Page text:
Years before the glory of Sad Wings of Destiny, Judas Priest was just another Birmingham bar band playing their version of the blues. Original singer Al Atkins wrote a lot of the early material with a constantly changing lineup, until quitting the band in the early 70's. "Bob" Halford was brought in along with second guitarist Glen Tipton, and Priest as we know it was born.
However, they still needed to get that early material out of their systems, and that's what Rocka Rolla is. Leftovers from the Atkins era, slow blues jammers meandering along at a leisurely pace, there is precious little heavy metal here. "Run of the Mill" and the "Winter" suite, for example, run the gamut from hippy-dippy flower power love to amature British bar blues. Yet, Jethro Tull these guys were not, and Rocka Rolla is strictly second rate.
There are a couple decent moments that keep this album from being a 1-star loser. The title track is a fun proto-metal number with something that approximates a riff. There is also the outro to "Dying to Meet You", known as the "Hero, Hero" section which actually has some spark. The rest is basically a band trying to find its direction, not sure whether it's a jam band, a blues band, or a rock band, and excelling at none of those sounds.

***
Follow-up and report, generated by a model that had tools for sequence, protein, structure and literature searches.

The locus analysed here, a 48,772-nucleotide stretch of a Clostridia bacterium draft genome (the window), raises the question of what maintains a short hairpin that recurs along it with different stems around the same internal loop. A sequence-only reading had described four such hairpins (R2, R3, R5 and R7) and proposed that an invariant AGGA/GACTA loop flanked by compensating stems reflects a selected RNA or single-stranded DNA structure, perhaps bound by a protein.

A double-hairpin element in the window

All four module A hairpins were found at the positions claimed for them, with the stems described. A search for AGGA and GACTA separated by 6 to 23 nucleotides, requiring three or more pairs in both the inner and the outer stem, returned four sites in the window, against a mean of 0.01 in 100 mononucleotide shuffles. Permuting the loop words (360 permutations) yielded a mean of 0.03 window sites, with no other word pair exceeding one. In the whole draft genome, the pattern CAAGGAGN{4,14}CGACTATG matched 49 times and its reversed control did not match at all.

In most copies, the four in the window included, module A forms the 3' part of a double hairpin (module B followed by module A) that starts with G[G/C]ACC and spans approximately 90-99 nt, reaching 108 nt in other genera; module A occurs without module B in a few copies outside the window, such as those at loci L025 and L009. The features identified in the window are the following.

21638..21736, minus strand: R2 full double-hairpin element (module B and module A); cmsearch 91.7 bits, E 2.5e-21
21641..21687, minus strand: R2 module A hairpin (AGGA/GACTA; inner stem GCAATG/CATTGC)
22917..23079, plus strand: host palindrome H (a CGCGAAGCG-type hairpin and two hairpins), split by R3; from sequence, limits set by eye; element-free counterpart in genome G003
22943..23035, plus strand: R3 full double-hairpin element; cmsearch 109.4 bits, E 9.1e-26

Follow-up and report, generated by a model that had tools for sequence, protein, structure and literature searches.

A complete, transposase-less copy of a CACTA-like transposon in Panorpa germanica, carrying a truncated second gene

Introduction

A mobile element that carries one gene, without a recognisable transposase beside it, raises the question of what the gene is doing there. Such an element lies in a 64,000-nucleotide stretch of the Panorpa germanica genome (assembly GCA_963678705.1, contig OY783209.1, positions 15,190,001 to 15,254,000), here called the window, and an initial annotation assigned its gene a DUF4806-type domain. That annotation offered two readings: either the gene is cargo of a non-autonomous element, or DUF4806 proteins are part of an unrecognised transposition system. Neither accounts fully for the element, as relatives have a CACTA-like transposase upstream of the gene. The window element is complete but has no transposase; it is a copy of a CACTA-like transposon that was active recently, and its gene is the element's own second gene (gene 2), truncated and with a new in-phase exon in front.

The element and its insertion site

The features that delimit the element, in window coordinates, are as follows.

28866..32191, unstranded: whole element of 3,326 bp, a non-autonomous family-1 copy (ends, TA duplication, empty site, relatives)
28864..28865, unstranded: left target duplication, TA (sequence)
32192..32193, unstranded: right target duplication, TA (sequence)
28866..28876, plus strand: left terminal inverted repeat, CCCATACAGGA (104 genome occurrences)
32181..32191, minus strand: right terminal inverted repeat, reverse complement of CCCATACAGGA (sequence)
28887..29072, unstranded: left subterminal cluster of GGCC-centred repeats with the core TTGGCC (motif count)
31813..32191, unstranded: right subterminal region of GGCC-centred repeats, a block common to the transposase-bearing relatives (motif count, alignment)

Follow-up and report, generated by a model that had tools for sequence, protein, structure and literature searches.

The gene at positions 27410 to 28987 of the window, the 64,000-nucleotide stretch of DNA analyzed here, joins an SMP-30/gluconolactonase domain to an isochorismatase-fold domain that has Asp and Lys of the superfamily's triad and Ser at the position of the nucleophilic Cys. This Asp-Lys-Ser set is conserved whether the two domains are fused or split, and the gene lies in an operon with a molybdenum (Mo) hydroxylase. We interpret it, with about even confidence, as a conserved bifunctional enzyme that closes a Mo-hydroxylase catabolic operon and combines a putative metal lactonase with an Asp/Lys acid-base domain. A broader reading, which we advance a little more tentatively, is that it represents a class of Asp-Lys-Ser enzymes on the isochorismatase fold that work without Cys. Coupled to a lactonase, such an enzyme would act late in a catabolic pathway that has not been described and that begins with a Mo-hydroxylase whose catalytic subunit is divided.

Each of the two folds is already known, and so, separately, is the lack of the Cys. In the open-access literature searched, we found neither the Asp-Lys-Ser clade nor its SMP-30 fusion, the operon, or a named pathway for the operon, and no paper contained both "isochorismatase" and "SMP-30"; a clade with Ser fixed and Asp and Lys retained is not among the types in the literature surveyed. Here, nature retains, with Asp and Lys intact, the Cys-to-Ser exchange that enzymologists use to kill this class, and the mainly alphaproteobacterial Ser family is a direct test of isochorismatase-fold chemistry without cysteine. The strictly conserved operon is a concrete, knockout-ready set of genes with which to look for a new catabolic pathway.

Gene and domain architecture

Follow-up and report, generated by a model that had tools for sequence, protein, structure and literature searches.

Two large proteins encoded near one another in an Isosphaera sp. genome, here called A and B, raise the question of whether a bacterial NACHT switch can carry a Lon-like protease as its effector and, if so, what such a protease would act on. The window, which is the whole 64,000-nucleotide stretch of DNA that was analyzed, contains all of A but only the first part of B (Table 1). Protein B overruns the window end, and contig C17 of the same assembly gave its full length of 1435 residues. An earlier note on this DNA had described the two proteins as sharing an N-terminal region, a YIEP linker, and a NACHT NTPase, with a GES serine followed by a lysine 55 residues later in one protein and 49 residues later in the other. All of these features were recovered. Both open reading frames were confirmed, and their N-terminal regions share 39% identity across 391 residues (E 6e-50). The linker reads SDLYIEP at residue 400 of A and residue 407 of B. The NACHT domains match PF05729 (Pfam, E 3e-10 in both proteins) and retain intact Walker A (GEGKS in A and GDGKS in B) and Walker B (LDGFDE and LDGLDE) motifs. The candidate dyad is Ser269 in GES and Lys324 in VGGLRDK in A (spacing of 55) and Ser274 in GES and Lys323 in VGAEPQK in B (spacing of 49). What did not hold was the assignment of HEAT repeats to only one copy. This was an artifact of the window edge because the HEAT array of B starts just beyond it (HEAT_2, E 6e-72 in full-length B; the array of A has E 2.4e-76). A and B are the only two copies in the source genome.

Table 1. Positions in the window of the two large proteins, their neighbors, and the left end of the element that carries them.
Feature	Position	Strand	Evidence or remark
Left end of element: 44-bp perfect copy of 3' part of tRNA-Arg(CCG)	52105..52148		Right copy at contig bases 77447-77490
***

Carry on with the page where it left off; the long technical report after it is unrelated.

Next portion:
There's a bonus track here, tacked on but unrelated. This is the version of "Diamonds & Rust" from the Best Of album. Great song and great version, totally out of place here.
A year later drummer John Hinch would be ousted, and you will understand why upon hearing this. How the band made such an about face to Sad Wings of Destiny, one of the greatest metal albums of all time, I do not know. Let's be grateful they did, for if this band failed to turn the ship around, you never would have heard of them.
Also of note, this is the original cover, which is much better than that weird football player bomber guy on some reissues.